It is clear, then, that there are two different kinds of mandatory provisions: (1) those that make certain actions mandatory on the parties but do not specify the consequences of noncompliance, and (2) those that also provide mandatory consequences for failures to act according to their prescriptions. The Court has mentioned the importance of this distinction in the past. See Henderson, 131 S.Ct. at 1204 (holding a statute nonjurisdictional in part because its language did “not suggest, let alone provide clear evidence, that the provision was meant to carry jurisdictional consequences”); Holland, 130 S.Ct. at 2560 (noting that the nonjurisdictional statute did “not set forth an inflexible rule requiring dismissal whenever its clock has run” (internal quotation marks and citations omitted)). I agree with the majority that not all mandatory prescriptions are properly categorized as jurisdictional. See Op. at 18. But I also believe that, to determine which mandatory prescriptions are jurisdictional, we must pay close attention to precisely what Congress has made mandatory (i.e. a party's action or the consequences for a party's failure timely to act). Thus, when Congress has mandated that a particular consequence will accompany a party's noncompliance with statutory timing provisions, courts are not free to impose other consequences or, as the majority does in this case, to fail to impose any consequence at all.
The reason is simple: When Congress mandates that a particular consequence be imposed, it limits the court's power to act. When the consequence is that the claim “shall be barred” or the case “shall not be maintained,” Congress has spoken in jurisdictional terms.14 Cf. John R. Sand & Gravel, 552 U.S. at 134 (holding that 28 U.S.C. § 2501, which includes “shall be barred” language, is jurisdictional); Dalm, 494 U.S. at 609 (holding that 26 U.S.C. § 6511(a), which, when read with 26 U.S.C. § 7422(a), includes “may not be maintained” language, is jurisdictional). The majority holds that John R. Sand & Gravel and Bowles “did not hold [the statutes at issue] jurisdictional based on the consequential language of the statute” but because of “a century's worth of precedent and practice in American courts.” Op. at 19, n.3. But what was that “century's worth of precedent” based on? The Court's ancient recognition that some statutes of limitations have consequences. Kendall v. United States, 107 U.S. 123, 125, 2 S.Ct. 277, 27 L.Ed. 437 (1883) (statute of limitation “forever barred” “every claim ”); Finn v. United States, 123 U.S. 227, 332, 8 S.Ct. 82, 31 L.Ed. 128 (1887) (holding that the express words of the act of 1863—stating claims were “forever barred”—was a condition to the right to a judgment against the United States and the court must dismiss the petition if the condition was not satisfied). Such consequences speak to “the courts' statutory ․ power to adjudicate the case.” Steel Co. v. Citizens for Better Env't, 523 U.S. 83, 89, 118 S.Ct. 1003, 140 L.Ed.2d 210 (1998). To illustrate this point, one asks: What statutory power does a court have to adjudicate a claim which, according to congressional mandate, “shall be barred” or “shall not be maintained?” The answer is simple: None.15 It seems natural, then, to conclude that when a statute includes such language, it speaks in jurisdictional terms. See Landgraf v. USI Film Prods., 511 U.S. 244, 274, 114 S.Ct. 1483, 128 L.Ed.2d 229 (1994) (“[J]urisdictional statutes speak to the power of the court rather than to the rights of obligations of the parties.” (citation omitted)).16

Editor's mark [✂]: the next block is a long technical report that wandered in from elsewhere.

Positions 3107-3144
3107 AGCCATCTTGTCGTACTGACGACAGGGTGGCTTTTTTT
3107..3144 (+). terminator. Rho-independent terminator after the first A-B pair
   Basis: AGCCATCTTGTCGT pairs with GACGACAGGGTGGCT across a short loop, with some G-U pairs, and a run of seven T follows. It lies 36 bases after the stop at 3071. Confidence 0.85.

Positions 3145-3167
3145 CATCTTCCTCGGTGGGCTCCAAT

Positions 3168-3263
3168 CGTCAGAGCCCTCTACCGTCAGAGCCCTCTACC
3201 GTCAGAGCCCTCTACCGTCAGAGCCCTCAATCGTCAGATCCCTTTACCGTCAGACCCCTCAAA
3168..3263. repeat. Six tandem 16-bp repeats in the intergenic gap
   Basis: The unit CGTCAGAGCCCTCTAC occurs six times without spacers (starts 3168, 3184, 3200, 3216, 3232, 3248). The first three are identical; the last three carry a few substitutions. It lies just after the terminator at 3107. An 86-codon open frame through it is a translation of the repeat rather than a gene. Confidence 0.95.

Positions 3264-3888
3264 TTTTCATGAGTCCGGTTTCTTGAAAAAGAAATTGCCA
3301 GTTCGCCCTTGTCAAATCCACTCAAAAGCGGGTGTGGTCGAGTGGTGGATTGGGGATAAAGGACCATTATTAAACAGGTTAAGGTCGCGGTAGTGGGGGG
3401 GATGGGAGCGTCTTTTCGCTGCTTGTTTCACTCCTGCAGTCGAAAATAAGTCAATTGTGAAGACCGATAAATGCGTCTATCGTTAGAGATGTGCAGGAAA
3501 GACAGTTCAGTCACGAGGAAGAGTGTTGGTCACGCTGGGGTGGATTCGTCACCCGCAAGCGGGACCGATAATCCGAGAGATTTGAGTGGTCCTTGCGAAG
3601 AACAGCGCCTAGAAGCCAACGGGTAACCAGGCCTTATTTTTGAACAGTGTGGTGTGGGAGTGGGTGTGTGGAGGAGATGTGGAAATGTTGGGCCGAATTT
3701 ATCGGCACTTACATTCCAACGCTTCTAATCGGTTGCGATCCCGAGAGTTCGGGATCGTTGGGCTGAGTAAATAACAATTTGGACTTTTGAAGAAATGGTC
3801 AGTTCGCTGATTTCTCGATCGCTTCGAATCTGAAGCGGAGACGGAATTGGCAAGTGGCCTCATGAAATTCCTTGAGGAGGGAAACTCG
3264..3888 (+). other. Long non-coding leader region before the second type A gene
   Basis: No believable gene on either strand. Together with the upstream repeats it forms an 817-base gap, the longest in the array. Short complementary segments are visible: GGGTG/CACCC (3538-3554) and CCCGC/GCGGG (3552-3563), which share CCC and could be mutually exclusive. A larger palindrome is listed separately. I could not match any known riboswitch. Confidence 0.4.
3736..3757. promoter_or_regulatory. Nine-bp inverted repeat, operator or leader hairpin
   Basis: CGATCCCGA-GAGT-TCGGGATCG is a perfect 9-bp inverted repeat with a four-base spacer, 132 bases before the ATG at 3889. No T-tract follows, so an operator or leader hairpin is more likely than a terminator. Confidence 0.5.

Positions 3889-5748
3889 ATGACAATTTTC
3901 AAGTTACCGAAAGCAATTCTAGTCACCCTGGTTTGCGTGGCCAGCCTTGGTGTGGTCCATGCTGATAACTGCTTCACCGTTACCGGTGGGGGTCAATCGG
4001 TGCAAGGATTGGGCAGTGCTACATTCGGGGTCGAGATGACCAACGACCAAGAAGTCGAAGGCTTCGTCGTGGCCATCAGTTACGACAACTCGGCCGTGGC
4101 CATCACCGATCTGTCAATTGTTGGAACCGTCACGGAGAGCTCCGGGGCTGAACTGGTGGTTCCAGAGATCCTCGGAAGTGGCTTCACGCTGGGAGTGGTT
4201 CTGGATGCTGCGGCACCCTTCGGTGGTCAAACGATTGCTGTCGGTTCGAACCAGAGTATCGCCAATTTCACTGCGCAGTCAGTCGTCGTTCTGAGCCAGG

Section 2401(b) falls into the second category identified above. It does not merely specify what a party must do; it specifies the consequences of a failure to act according to its time limit. If action is not begun within six months after the agency mailed its final denial of the claim, such claim “shall be forever barred.” See 28 U.S.C. § 2401(b). Because the court has no statutory power to adjudicate such a claim, I would hold that, unlike the statute considered in Holland, § 2401(b) “set[s] forth an inflexible rule requiring dismissal whenever its clock has run.” Holland, 130 S.Ct. at 2560. In that manner, and unlike the statute considered in Henderson, the language of § 2401(b) “provide[s] clear evidence[ ] that the provision was meant to carry jurisdictional consequences.” Henderson, 131 S.Ct. at 1204. Thus, its pronouncement “speak[s] in jurisdictional terms” or, at the very least, “refer [s] in any way to the jurisdiction of the district courts.” Reed Elsevier, 559 U.S. at 165.17
The majority calls my delineation of statutes of limitations a “grand theory”. Op. at 18. I appreciate their praise, but I humbly submit there is nothing “grand” about following the “clear evidence” provided by Congress and the Supreme Court.
C. The Importance of the Term “Forever.”
The majority escapes this rather straightforward conclusion with the assertion that “ § 2401(b) merely states what is always true of statutory filing deadlines: once the limitations period ends, whether extended by the application of tolling principles or not, a plaintiff is ‘forever barred’ from presenting his claim to the relevant adjudicatory body.” Op. at 15 (citing Kubrick, 444 U.S. at 117).18 The majority has simply written the term “forever” out of the statute, ascribing it no meaning nor importance at all. It is a mere “vestige of mid-twentieth-century congressional drafting conventions,”19 Op. at 18, and adds nothing that the statute would not say without it, because all statutes of limitations, if applicable, bar claims “forever,” see Op. at 15–17.